Biography of Edward the Confessor
The life and biography of Edward the Confessor is important as it led to the Battle of Hastings which forever changed the History of England.
King Edward the Confessor was a pious King, hence his title of Edward the Confessor (after his death was made a saint by the Church in 1116, with the title of "the Confessor". Edward did a great deal during his reign to aid the cause of Christianity. He rebuilt the ancient Westminster Abbey in London and erected churches and monasteries throughout England.
He was also a very weak king, influenced by various factions of his era, especially the Normans. He made a vow of celibacy and did not leave a direct heir to the throne of England which led to the various claims to the English throne following his death in 1066.
Edward was the son of King Ethelred II and Emma, the daughter of Duke Richard of Normandy. He was half-brother to King Edmund Ironside and also half-brother to King Hardicanute. Edward the Confessor was born in 1002 in Oxfordshire in England but most of his life was spent living in Normandy.
A series of Danish Vikings had taken the throne of England. In 1016 the English throne was taken by King Canute. It was briefly restored to Alfred (son of Ethelred II and Edward's brother) in 1035 but was taken by the illegitimate son of King Canute, known as Harold Harefoot, in 1036. Between 1040-1042 Hardicanute succeeded to the English throne. Edward the Confessor then became the King of England. During the era of the Viking Kings Edward lived in Normandy. Duke Robert I of Normandy, an ally of the French King Henry I, helped the sons of King Ethelred, Alfred and then Edward, to regain the English throne from the Vikings.
On Hardicanute's sudden death in 1042, Edward was called by acclamation to the throne at the age of about forty, being welcomed even by the Danish settlers owing to his gentle saintly character. Edward regained the English throne in 1042. As he had lived so long in Normandy Edward always seemed more of Norman birth than English. He generally spoke the French and he chose Normans to fill many of the highest offices in the kingdom. This infuriated the English nobles and one of the most powerful Nobles, Harold Godwinson (later King Harold II) applied so much pressure on Edward the Confessor that his Norman advisors were sent back to Normandy in 1052. Edward the Confessor was also put under pressure to marry Edith, the only daughter of Godwin of Wessex and Harold's sister. The marriage was a sham - Edward had taken a vow of celibacy so there were no children.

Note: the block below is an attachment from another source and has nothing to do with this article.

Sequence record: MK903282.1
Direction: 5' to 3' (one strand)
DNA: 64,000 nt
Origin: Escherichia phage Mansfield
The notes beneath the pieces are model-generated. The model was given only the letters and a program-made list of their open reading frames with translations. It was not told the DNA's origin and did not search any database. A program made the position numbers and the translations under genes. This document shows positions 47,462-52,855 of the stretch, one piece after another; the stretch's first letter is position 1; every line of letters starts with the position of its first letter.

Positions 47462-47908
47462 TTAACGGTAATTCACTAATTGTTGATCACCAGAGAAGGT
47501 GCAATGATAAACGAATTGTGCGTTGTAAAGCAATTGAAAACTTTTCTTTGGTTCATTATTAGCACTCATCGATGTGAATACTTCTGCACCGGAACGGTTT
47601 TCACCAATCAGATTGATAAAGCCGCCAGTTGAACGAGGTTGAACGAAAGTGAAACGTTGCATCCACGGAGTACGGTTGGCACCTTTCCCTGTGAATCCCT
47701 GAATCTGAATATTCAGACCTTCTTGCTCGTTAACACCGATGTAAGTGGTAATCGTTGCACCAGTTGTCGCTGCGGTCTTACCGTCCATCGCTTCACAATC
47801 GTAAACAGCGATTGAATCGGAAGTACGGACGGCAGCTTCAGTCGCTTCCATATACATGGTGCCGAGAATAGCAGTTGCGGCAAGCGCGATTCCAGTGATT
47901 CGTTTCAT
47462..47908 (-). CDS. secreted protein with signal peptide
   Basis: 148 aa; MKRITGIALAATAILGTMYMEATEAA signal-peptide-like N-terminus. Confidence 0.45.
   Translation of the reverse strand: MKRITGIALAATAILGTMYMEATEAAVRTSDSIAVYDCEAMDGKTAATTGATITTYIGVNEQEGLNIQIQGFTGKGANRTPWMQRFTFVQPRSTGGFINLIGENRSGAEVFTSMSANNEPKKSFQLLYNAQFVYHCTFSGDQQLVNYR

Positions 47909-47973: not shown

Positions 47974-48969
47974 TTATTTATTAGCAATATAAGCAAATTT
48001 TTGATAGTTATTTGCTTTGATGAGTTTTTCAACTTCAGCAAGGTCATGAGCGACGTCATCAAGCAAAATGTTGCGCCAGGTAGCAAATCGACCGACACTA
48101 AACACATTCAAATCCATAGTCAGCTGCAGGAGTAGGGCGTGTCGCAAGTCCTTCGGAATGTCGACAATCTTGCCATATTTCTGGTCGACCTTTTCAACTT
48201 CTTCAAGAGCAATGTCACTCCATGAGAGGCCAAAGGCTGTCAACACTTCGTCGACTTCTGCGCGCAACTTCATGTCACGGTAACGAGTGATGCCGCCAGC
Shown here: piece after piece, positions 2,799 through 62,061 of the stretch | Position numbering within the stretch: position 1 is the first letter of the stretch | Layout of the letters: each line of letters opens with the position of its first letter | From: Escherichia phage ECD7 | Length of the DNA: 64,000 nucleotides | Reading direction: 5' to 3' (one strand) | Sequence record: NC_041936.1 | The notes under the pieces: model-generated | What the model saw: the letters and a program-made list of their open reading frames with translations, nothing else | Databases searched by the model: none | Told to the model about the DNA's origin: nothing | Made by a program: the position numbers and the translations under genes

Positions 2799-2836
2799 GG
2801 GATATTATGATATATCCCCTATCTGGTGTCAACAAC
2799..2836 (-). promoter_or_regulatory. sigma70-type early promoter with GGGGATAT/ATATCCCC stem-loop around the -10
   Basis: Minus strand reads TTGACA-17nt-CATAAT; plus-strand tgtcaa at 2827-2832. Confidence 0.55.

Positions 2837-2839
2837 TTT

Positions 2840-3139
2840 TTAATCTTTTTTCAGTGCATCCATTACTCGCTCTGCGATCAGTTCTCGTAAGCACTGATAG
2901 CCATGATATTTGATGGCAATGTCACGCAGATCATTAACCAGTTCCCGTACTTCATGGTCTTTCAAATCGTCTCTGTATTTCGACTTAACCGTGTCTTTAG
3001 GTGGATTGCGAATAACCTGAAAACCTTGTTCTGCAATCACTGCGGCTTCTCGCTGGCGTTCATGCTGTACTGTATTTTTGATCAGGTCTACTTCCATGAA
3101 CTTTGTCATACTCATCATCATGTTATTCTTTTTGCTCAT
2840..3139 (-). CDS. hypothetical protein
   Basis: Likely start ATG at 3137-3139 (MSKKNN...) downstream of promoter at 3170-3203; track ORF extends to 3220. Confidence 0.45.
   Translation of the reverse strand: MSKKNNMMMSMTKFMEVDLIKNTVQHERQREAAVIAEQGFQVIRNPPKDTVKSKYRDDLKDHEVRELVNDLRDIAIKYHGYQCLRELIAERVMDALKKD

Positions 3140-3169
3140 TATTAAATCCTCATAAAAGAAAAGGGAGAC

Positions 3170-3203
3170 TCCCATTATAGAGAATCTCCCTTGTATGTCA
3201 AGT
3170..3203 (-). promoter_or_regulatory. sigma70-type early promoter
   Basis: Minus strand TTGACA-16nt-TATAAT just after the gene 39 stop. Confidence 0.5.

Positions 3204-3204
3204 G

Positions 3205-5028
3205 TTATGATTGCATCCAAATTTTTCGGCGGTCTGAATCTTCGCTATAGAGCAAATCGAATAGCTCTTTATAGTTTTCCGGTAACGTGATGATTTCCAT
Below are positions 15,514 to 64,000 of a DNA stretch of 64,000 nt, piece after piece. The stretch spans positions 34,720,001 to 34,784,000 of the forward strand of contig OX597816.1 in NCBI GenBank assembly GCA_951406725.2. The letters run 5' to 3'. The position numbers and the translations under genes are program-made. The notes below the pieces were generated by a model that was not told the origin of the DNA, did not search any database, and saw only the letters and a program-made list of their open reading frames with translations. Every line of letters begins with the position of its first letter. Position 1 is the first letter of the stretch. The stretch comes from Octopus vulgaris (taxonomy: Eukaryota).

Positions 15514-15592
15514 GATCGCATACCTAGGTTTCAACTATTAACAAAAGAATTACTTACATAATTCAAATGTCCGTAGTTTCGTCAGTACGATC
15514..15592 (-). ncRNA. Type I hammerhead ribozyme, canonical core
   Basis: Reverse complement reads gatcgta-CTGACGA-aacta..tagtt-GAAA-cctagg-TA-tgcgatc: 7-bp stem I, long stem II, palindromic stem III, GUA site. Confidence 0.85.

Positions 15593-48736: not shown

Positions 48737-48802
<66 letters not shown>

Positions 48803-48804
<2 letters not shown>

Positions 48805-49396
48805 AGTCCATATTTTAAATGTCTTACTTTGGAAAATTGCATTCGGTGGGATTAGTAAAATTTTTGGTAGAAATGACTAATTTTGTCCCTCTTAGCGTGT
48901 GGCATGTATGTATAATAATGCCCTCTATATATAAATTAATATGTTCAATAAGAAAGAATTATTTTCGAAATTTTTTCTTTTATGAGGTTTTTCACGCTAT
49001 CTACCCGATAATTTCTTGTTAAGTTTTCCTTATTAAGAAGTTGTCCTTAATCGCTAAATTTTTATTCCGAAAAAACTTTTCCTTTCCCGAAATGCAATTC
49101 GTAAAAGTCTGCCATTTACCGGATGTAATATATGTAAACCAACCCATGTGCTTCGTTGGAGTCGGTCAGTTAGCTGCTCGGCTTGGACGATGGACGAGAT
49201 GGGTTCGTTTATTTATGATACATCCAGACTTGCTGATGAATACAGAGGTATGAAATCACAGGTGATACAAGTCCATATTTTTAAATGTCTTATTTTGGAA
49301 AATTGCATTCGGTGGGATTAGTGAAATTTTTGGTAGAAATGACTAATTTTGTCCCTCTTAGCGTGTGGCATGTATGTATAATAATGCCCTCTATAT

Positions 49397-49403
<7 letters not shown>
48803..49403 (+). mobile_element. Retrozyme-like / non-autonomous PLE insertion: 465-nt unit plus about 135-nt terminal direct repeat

Edward's reign was one of almost unbroken peace, the threatened invasion of Canute's son, Sweyn of Norway, being averted by the opportune attack on him by Sweyn of Denmark; and the internal difficulties occasioned by the ambition of Earl Godwin and his sons being settled without bloodshed by Edward's own gentleness and prudence.
He undertook no wars except to repel an inroad of the Welsh, and to assist Malcolm III of Scotland against Macbeth, the usurper of his throne. Being devoid of personal ambition, Edward's one aim was the welfare of his people. He remitted the odious "Danegelt", which had needlessly continued to be levied; and though profuse in alms to the poor and for religious purposes, he made his own royal patrimony suffice without imposing taxes.
The Normans claimed that Edward had named a Norman as his successor to the English throne. Harold Godwinson claimed that on his death bed Edward had named Harold as the next King of England. There is no mention of Edward favouring the rightful heir to the English throne, Edgar the Aethling. And to make matters even more complicated the Viking King Hardrada also believed that he had a claim to the English throne. These various claims led to the defeat of the English at the Battle of Hastings.
Edward the Confessor died in 1066, ironically he was buried in Westminster Abbey which he had just had renovated.
Read the fascinating Biographies of Harold Godwinson and William the Conqueror:
Biography of King Harold II Godwinson
Biography of William the Conqueror
The Claims to the Throne of England in 1066